Tadahiro Katsuta, Meiji University, Associate professor, EXPERT COMMENTARY
The Fukushima accident has not served as a wake-up call in Japan
The Japanese government insists that nuclear safety has been enhanced after the Fukushima accident due to the enforcement of new regulatory standards, which Prime Minister Shinzo Abe has referred to as the world's best, and the new nuclear safety regulatory regime. However, the government has yet to confront the intrinsic risks of nuclear power and continues to avoid discussing its distorted policy of promoting nuclear power.
For many years, Japan was the only country without a safety goal for its nuclear power sector. After the Fukushima accident, the country did finally set a safety goal: "The amount of radioactive materials released to the environment in a severe accident must be less than 100 tera-becquerel." On the contrary, the amount of a large-scale release is not a criterion in the United States. Instead, the country has established that nuclear power use should not lead to a significant increase in social risk, and that radiation-induced cancer mortality risk should not exceed 0.1 percent of the total of all cancer mortality risks. The Japanese government is purposely not providing specific descriptions of the life-threatening risks of nuclear energy, in order to avoid public backlash.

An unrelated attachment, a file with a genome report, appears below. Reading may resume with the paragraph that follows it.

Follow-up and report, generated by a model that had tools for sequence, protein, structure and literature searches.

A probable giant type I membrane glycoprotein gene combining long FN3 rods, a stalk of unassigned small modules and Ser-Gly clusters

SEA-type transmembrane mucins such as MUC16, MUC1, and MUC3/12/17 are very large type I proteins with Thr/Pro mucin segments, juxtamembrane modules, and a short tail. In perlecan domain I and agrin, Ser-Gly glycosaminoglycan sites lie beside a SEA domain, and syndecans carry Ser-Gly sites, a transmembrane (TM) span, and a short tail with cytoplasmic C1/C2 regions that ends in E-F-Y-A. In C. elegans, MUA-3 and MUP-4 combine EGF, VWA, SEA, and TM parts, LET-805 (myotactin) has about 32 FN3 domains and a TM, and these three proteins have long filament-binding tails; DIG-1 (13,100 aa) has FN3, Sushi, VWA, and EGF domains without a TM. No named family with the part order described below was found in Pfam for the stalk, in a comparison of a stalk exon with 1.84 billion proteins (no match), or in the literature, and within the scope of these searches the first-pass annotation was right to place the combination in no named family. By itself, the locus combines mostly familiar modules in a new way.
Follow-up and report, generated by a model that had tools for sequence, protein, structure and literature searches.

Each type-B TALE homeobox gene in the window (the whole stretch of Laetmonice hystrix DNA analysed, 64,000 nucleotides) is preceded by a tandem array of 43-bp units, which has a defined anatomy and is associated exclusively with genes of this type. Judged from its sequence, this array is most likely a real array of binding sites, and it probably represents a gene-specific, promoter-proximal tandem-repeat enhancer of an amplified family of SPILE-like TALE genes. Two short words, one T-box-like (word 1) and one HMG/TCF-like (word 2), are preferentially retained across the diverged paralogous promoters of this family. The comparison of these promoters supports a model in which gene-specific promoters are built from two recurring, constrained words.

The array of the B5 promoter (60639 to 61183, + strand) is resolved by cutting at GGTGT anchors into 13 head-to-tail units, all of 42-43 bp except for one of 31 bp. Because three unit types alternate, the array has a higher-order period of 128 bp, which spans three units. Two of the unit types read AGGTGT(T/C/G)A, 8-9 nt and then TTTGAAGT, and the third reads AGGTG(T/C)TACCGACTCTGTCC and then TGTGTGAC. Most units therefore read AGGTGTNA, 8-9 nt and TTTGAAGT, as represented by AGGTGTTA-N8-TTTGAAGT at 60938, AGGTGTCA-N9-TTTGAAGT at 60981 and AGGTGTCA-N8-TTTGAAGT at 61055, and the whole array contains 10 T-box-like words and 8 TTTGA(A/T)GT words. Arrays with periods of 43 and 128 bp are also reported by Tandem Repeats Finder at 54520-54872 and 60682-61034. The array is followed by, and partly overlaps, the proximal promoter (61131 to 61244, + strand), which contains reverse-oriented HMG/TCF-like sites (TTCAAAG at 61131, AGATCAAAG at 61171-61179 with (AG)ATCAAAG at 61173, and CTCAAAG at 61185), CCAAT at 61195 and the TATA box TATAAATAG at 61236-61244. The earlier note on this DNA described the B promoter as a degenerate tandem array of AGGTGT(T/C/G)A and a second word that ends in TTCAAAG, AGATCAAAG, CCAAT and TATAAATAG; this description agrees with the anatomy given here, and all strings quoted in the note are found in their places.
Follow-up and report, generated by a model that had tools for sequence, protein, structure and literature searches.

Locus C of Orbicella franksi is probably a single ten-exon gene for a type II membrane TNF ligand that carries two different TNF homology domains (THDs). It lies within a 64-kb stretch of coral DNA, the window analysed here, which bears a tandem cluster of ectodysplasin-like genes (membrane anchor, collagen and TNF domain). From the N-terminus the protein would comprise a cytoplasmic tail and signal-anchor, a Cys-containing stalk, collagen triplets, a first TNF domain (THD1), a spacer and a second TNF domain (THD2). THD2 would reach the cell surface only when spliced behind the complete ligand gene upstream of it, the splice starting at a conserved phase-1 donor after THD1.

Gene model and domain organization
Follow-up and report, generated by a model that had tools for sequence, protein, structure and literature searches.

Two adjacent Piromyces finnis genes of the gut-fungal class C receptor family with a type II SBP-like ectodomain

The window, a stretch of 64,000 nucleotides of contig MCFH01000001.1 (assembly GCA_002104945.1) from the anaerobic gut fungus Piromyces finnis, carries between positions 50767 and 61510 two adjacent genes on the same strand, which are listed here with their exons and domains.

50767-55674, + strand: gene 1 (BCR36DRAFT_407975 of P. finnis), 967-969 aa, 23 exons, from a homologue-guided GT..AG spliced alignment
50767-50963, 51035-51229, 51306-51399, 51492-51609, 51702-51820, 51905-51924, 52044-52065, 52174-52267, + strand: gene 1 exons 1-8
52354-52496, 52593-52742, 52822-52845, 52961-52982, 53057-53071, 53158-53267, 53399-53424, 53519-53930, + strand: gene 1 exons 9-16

Also, local governments that have agreed to let nuclear power plants be located in their jurisdiction can receive large subsidies from the government, based on a nuclear power plant's operating performance. Although most of the nuclear power plants are shut down at present, the Japanese government has continued to give subsidies. By changing the subsidy system, the national government has maintained local governments’ economic dependency, as if continuing to give them drugs to keep them hooked. In other words, local governments which receive subsidies cannot afford to break away from the nuclear power, even if they fear it.
Ironically, right here in Japan, the Fukushima accident has not served as a "wake-up call" that makes the government or the nuclear industry pay attention to nuclear risks.